When Two Plusses Equal a Minus

A while ago, we had a chance to visit with my cousin and his wife in New Jersey and take them to dinner at a lovely Kosher Italian restaurant. Imagine my surprise, when my cousin Leo, normally a healthy eater with a robust appetite, had only a few leaves of lettuce (no dressing), and a few spoonfuls of vegetable soup. My immediate concern, of course, was for his health, but he explained that “she” (pointing at his wife) “put me on this crazy Russian diet so I can fit into my suit.” “She” confirmed that indeed, they had to attend a wedding in a couple of days, so it was either losing a few pounds or popping buttons and zippers.leaf diet

Cousin Leo, a retired military officer a few months shy of 70, has always been lean and trim; however, a suit, bought last year for another official occasion, has become a bit tight, rather than elegantly slender, so extreme measures were required.  What kind of a diet is it? “Oh, a crazy Russian diet, but it works, – I was assured,- we have done it before. A few pounds guaranteed!”

thinking .gifNow I was hooked. I have always been physically active, a workout enthusiast, a gym monkey, and a yoga fanatic. Suddenly, three years ago I was told that I had to give up all that, unless I want to risk spinal surgery with about 60% success rate. Since I didn’t want to be among the 40%, I politely refused and opted for pain management through meds. So far I have been doing fine, thank you very much, but I am not supposed to even get on my exercise bike and ride to nowhere. I draw the line at “walking in water” instead of swimming, and I have to double pain killers for a few days after each swim, but it’s worth it to me. As a consequence of physical inactivity, I started gaining weight. This coincided with being diagnosed with yet another condition that promotes weight gain. By the time all of this was detected and I was put on appropriate medication, I was 30 lbs heavier and couldn’t fit into any of my pencil skirts!

Larisa Dolina

No-no-no, Beautiful People, that’s not me – by now you know what I look like, and it’s definitely not half-dressed! These are the mandatory “before and after” photos of  the inventor of this “crazy Russian diet, ” AKA the Kefir Diet, a prominent Russian singer and movie star Larisa Dolina. The diet is sometimes called “the Dolina diet.” She is quite famous, but all her life she has been struggling to keep weight off, until eventually she stumbled upon this miracle product – kefir. She is not a nutritionist or a dietologist and has no medical training whatsoever, but, as you can see, it worked for her. In vain have I searched for any academic articles or reliable scientific sources of information about this diet. To the best of my knowledge, none exist. There are plenty of infomercials online, though, outlining several variations, or regimens of it. There is also a warning: kefir, youghurt, and prostokvasha are all fermented milk products, thus potentially harmful to people suffering from high acidity. I love prostokvasha, so I decided to give it a try.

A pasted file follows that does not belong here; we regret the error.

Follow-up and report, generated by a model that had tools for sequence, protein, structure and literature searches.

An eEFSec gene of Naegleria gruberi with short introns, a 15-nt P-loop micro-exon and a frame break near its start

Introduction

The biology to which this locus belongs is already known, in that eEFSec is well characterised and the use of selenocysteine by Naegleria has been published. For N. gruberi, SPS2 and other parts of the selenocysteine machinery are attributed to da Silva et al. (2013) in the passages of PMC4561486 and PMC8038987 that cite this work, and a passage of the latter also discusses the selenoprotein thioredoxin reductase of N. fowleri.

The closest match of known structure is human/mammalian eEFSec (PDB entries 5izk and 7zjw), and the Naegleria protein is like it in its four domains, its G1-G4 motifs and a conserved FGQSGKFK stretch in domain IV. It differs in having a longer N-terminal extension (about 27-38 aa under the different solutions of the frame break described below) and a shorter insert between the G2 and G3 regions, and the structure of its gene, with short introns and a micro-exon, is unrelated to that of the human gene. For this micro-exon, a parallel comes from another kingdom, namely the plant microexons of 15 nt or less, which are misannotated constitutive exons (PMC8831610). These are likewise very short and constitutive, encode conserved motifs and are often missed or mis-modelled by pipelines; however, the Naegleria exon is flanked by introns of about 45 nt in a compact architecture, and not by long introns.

kefir 1    plus    kefir 2.jpg   equal   minus While completely anti-mathematical, it’s nonetheless true in this case. Five days of kefir (for me it was my homemade non-dairy prostokvasha, or clabbered milk – please see here) plus a salad of green leafy vegetables (lettuce, spinach, or kale) flavored by a few blueberries and dressed with the same prostokvasha equaled a steady loss of one lb per day. In five days I was minus 5 lbs and quite optimistic. A few more weeks of that, I thought, and I am back to my normal self. Then the weekend happened, with two Sabbath meals, reasonably healthy, but still normal meals, and a Sunday dinner with my husband. By Monday, I was back where I had started from, and resumed the diet.

Yoyo

 

For three weeks I have been playing weight yoyo. I felt fine; in fact, I felt a bit lighter and better by Friday of every week. I felt no discomfort caused by severe food restriction of a mono-diet. Eventually, I had no sustainable weight loss or gain, coming back to the same 30 lbs extra and facing the necessity of an extra expenditure on clothes that fit. So, dear Carol, my lovely and free-spirited blogo-friend and culinary genius, this is one for your collection of Wacky Diets!